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01/21/2006 12:01 AM - Griffins defenseman Kyle Quincey is making noise with his cannon-like shot

Story and photo by Mark Newman

While other kids were setting up their lemonade stands to squeeze a few coins out of the neighborhood customers, Kyle Quincey had other business on his mind.

The Ontario native was in his basement, ready to squeeze his hockey stick and take another shot at earning himself some cold hard cash from his father.

“He’d give me a penny for every 100 pucks I shot,” Quincey recalls. “I was young enough to think that was awesome, so I would be down there all day, shooting to get my allowance.” Needless to say, Quincey never got rich. “I think he’d give me a dollar to encourage me,” he recalls.

That’s not to suggest that the practice didn’t pay off. Today, Quincey has one of the biggest shots among all young defensemen. At the Ontario Hockey League’s All-Star Skills Competition last year, he tied for first place in the hardest-shot event with a 95-mph blast.

But there’s more to the game of the Griffins’ rookie blueliner than a strong shot.

“He’s established himself as one of the premier young defensemen in the AHL,” says Griffins head coach Greg Ireland. “He’s been a go-to guy for us in the last minute of a game or matching up against the other team’s big line.”

In the recent absence of the injured Travis Richards and the earlier losses of Brett Lebda (Red Wings) and Andy Delmore (waivers), Quincey has played a larger role than many might have expected.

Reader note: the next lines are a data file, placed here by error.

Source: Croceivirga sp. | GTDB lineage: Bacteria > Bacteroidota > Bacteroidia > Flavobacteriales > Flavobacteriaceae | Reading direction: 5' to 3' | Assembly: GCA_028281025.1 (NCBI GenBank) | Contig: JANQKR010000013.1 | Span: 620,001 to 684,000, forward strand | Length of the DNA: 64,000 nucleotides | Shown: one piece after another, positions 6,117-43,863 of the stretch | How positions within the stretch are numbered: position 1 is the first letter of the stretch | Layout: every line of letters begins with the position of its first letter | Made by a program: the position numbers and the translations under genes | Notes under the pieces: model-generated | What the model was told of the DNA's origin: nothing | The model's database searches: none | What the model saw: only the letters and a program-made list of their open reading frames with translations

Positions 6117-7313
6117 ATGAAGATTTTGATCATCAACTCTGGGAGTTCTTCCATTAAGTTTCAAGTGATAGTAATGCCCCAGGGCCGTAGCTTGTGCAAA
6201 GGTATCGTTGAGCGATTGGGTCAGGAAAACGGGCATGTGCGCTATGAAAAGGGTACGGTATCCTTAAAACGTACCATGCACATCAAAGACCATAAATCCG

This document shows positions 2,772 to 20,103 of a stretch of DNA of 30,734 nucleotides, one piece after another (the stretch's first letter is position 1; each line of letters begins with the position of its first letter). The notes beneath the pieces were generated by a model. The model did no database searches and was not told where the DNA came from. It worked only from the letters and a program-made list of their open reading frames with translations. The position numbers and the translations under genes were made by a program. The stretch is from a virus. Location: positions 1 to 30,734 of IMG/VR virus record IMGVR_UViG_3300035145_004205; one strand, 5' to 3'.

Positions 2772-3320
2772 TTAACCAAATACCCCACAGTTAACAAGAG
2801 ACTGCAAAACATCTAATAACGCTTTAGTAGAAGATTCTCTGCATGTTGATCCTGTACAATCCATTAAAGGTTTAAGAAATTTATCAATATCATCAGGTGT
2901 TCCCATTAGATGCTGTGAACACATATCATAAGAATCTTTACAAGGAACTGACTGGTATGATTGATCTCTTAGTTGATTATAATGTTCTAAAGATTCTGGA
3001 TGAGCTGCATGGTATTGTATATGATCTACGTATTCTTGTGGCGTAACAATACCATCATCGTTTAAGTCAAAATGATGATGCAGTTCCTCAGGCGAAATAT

“A lot was thrown at him early and he’s responded very well,” Ireland says. “He’s played very well defensively and physically. If he continues to do those things and works hard, he’s going to give himself every opportunity to play at the next level."

If Quincey’s play has raised a few eyebrows this season, it won’t be the first time. He has a history of exceeding expectations.

“I was a late-bloomer growing up,” he says. “I was never thought of too much as a player. I get my fire from proving myself every day. I try to take some positives out of everything I do.”

Quincey was disappointed when he wasn’t selected to participate in the summer camp to put together Team Canada for the 2005 World Junior Championship.

“At the start of last season I set out to prove that I was in the top eight defensemen in the country,” Quincey says. “When I got the chance to tryout, I made it tough for them to cut me.”

Indeed, Quincey was the last cut on the team, which went on to win the gold medal for Canada for the first time since 1997.

“In the end, it was a great experience,” he says. “I got to play with some of the best 19-year-olds in the world, guys like (Sidney) Crosby, (Patrice) Bergeron and (Jeff) Carter.

“I had probably the most fun month of my career. Playing for Team Canada was probably my biggest dream growing up, and I have to say I felt part of that team.”

Quincey already knew what it was like to be overlooked. Heading into his draft year, he was virtually ignored. “No one phoned me and I didn’t have one interview,” he recalls. “I was rated very low.”

So he got the shock of his life when the Red Wings selected him with their second pick (#132 overall) in the 2003 NHL Entry Draft. “To be drafted by a great organization like Detroit is remarkable.”

Getting to participate in the Wings’ training camp with veterans like Nicklas Lidstrom, Chris Chelios and Mathieu Schneider was a golden opportunity for a young defenseman.

“I tried to be a sponge there, just like I do here,” Quincey says. “I want to try to learn as much as I can. Every day I come to the rink, I want to get better.”